Old School Games - A Blast from the Past
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Jun 9, 2012

Old School Games - A Blast from the Past

Sometimes the oldest are the best and this certainly applies to games. There was a time when kids would spend hours trying to figure out the Rubix Cube or practice with their Yo-Yo and would be kept out of trouble for hours. Unfortunately many of these games have been superceded by computer games, television programs and the Internet, meaning many have fallen by the roadside. In a walk down memory lane we have listed the top five games from years gone by.


The Yo-Yo has been around for hundreds of years but became especially popular in the 1920’s. Until recently many children and adults played with the toy which consisted of a piece of string wrapped round an axle which had to two discs at either end. The first Yo-Yo’s were made of wood, then metal and then plastic in their later forms. There are many tricks which can be performed by a skilled Yo-Yo-ist and there were many competitions at the height of its popularity with people becoming professional Yo-Yo-ists.

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Also named ‘the Chinese yo-yo’ the diabolo has been around since the 12th century with recent examples not much different from their original counterparts. The game is played by balancing a spool on a piece of string with two sticks attached at the end. There are endless amounts of games to be played and several people can play at once if skilled enough. It was very popular alongside the yo-yo in the 1920’s and 30’s, enjoying a revival in the mid 90’s with brightly coloured rubber diabolos becoming popular.

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Rubix cube

The Rubix cube become extremely popular in the 1970 and 80’s after being invented by Hungarian Erno Rubix. The aim of the puzzle was to tally up the layers of the cube so one side had only one color displayed on it. It is considered as the best selling toy of all time and has stood the test of time with millions still selling every year across the globe.

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Cat’s cradle

This is one of the most simplistic toys ever invented but one that is still played in school playgrounds up and down the country if health and safely haven’t got in the way. Cat’s cradle consists of a long piece of string tied together at each end. Many modern versions have been produced but none are any better than the original string version. A series of shapes and can be formed by the string when folded over in certain ways and it can be played on its own or with two people.

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Draughts is considered to have originated from ancient Egypt where they played a similar board game for years. It is played using a chequered board and flat black or white counters. It has been compared to chess but is far less sophisticated. It is a two player game and the aim is for one player to reach the other side of the board with his counters and ‘capturing’ the other players pieces. As with many board games, draughts have been pushed off the radar with computer games becoming so popular but is still played by many each year.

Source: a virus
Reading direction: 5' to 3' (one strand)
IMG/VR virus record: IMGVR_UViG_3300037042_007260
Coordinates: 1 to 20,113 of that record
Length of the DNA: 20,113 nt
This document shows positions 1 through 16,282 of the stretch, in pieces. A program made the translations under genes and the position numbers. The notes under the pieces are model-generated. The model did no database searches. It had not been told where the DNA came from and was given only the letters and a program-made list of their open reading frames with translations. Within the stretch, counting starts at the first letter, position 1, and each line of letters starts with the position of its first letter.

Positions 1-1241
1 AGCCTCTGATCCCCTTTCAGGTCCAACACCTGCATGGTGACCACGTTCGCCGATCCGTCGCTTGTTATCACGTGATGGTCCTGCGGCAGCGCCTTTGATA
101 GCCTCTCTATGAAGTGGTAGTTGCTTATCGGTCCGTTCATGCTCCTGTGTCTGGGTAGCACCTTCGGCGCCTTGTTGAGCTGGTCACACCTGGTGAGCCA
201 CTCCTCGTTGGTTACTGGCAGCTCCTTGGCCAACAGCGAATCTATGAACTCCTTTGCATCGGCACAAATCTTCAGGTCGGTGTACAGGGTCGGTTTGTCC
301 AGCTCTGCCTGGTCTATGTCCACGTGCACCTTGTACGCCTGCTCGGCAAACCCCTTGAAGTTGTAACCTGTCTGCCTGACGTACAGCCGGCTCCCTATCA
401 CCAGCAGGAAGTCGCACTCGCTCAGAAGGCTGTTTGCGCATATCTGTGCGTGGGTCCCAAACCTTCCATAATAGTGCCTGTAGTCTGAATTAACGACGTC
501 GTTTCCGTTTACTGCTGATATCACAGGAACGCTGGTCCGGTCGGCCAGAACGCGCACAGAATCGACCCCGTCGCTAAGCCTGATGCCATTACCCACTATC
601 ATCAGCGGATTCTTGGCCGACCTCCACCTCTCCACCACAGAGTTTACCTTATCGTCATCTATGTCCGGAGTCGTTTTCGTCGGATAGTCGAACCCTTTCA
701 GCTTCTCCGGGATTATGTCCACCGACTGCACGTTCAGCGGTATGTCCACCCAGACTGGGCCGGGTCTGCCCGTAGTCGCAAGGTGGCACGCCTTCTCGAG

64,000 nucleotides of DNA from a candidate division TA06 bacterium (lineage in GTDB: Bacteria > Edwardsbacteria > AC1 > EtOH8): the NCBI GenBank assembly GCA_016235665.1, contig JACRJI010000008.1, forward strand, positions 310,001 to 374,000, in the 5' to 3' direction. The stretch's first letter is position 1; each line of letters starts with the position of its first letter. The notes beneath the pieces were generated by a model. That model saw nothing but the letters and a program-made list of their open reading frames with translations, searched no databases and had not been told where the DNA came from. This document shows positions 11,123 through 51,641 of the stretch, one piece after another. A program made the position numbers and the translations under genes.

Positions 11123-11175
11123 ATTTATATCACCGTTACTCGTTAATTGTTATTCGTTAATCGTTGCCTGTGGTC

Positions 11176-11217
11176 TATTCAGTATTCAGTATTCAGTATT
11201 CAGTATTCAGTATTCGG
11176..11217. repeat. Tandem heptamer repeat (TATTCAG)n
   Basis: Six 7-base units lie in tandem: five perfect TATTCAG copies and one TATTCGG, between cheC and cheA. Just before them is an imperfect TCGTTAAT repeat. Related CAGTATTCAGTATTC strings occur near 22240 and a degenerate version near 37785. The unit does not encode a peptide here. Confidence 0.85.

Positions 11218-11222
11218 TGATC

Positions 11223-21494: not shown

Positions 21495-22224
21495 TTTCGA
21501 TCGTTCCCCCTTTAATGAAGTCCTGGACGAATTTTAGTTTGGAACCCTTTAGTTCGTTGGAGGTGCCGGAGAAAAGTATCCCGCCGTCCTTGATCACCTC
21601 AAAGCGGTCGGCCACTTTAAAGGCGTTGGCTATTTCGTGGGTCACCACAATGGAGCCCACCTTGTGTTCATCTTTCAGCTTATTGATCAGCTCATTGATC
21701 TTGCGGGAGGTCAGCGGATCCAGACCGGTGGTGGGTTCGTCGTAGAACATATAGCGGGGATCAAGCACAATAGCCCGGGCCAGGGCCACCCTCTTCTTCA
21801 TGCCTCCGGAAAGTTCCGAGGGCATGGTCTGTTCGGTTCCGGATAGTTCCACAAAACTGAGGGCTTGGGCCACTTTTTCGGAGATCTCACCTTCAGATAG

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Hopscotch requires nothing but a flat area and a piece of chalk. Started by the Romans it wasn’t just children who played the game and Roman soldiers were apparently very fond of the past time too. In those times hopscotch games could be far longer than they are now and have many participants in each game. The game is played by marking out hopscotch squares and then throwing a counter onto the first square without it bouncing or landing on two squares at once. If done successfully they can hop onto that square, if not, they have to wait their turn. The same carries on in this manner until the first person to reach the end is declared the winner.

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Croquet is considered a very old fashioned game in these times but was extremely popular in the late 19th century right up until the 80’s where it dropped off in popularity. A game which was enjoyed by the royals and celebrities, it involves hitting wooden balls around the lawn through hoops which are strategically placed. There are several croquet clubs still in existence but sports such as golf and tennis have become more popular in the last twenty years.

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About the Author: Jenny Quirk is a freelance journalist and currently works as a copywriter for Ladbrokes